I had a look at HP’s latest financials, following last night’s triple blast of news from the computer giant. It is ceasing webOS operations, acquiring enterprise knowledge management company Autonomy, and considering (though only considering) a spin-off or other major change to its PC division, the Personal Systems Group. Here is what HP said:
As part of the transformation, HP announced that its board of directors has authorized the exploration of strategic alternatives for the company’s Personal Systems Group. HP will consider a broad range of options that may include, among others, a full or partial separation of PSG from HP through a spin-off or other transaction. (See accompanying press release.)
Looking at the results for the second quarter 2011, here is how the main pieces break down:
|Segment||Percentage of revenue||Earnings||Percentage of total earnings|
|Servers, storage and networking||5396||16.9%||699||19.3%|
|Personal systems group||9,592||30.1%||567||15.7%|
|Imaging and printing||6,087||19.1%||892||24.6%|
Note that “Earnings” is earnings from operations; HP actually made less money than that, because various other corporate costs have to be deducted. But it gives an idea of where HP’s profit comes from.
So what do these groups do? PSG is notebooks, desktops, workstations and other, where “other” I’d guess will include the webOS mobile devices. In PSG, notebooks accounts for 54% of the total, with desktops taking 38% of the rest. Virtually all of these run Windows.
In servers, storage and networking, 61% is from what HP calls “Industry standard servers”. This is code for Windows server.
Under services, the three big businesses are Infrastructure Technology Outsourcing (42%), Technology Services (30%) and Application Services (19%). The first of these is clear-cut (have HP run your infrastructure), but the second two are both consulting services and on a brief look seem to have some overlap.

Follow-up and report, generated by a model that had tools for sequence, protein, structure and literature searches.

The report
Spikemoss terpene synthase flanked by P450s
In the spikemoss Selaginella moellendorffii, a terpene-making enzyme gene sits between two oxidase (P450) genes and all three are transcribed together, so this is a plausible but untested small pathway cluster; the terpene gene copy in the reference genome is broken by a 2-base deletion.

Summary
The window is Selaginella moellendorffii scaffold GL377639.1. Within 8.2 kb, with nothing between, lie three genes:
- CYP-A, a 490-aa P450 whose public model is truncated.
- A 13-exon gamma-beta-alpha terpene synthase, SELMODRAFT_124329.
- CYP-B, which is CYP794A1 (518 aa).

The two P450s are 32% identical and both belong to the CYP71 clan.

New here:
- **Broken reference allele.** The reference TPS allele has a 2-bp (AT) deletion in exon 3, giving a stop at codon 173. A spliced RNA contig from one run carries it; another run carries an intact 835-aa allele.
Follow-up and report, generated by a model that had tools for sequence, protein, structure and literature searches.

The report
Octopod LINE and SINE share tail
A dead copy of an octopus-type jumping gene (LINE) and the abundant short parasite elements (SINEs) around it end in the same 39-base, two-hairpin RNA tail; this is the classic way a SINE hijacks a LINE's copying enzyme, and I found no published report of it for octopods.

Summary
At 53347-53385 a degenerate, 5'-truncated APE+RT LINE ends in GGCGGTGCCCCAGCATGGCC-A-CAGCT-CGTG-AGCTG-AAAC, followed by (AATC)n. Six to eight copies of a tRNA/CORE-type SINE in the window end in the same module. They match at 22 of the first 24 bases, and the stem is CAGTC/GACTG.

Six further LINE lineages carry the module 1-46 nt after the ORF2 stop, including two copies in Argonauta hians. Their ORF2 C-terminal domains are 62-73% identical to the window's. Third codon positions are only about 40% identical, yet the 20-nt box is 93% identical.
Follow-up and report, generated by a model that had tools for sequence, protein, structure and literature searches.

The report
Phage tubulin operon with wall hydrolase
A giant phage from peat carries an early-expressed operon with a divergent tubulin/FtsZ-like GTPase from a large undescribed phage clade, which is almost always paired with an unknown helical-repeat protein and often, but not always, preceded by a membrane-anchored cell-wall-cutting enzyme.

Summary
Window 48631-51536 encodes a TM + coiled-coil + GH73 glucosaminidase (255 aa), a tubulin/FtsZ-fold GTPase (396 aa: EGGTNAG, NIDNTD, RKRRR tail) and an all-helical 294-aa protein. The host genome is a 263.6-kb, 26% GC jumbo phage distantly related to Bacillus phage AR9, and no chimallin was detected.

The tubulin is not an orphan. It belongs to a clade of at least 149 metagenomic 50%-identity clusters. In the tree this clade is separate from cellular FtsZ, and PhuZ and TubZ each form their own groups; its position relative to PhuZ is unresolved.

Autonomy, by the way, reported revenue of $million 247 in the three months ending June 30 2011 – pretty tiny relative to HP.
A few comments then. It’s worth noting that PSG is the biggest single segment for revenue, but not so for profit, though it is still making a useful contribution.
Imaging and Printing contributes most earnings as a proportion of revenue. I do not know how much of that comes from absurdly overpriced ink cartridges!
If you take PSG together with Industry Standard Servers, you find that around 40% of HP’s revenue comes from boxes running Windows. If you then consider what its printers, network and storage systems attach to, and that a proportion of HP’s consulting business concerns Windows systems and applications, it is obvious that HP’s fortunes are deeply entwined with Microsoft.
If HP removes PSG that will still be true, though less so. But why would HP want do remove PSG? I would guess two main reasons. One is that it is unprofitable relative to the other segments, and the other is that HP foresees the business declining under the force of various well-documented pressures: Apple, mobile, cloud.
It still makes little sense to me. I can understand why HP might want to get out of consumer desktops and laptops, but it seems to me that to supply corporate PCs fits snugly with the rest of HP’s business and has beneficial side-effects. After all, PCs, printers and servers do all plug together both physically and conceptually. Getting rid of PSG might have a negative effect on other parts of HPs business.
In the SMB market, by the way, resellers like HP because unlike Dell it does not mainly sell direct. HP boxes generally work as advertised in my experience, though I rate the laptops less highly than the servers and desktops.
One thought on “HP business breakdown and why a PC spin-off could backfire”
Idle speculation: maybe it’s a bluff to get discounts from its providers. It’s been said that PC market has thin margins.
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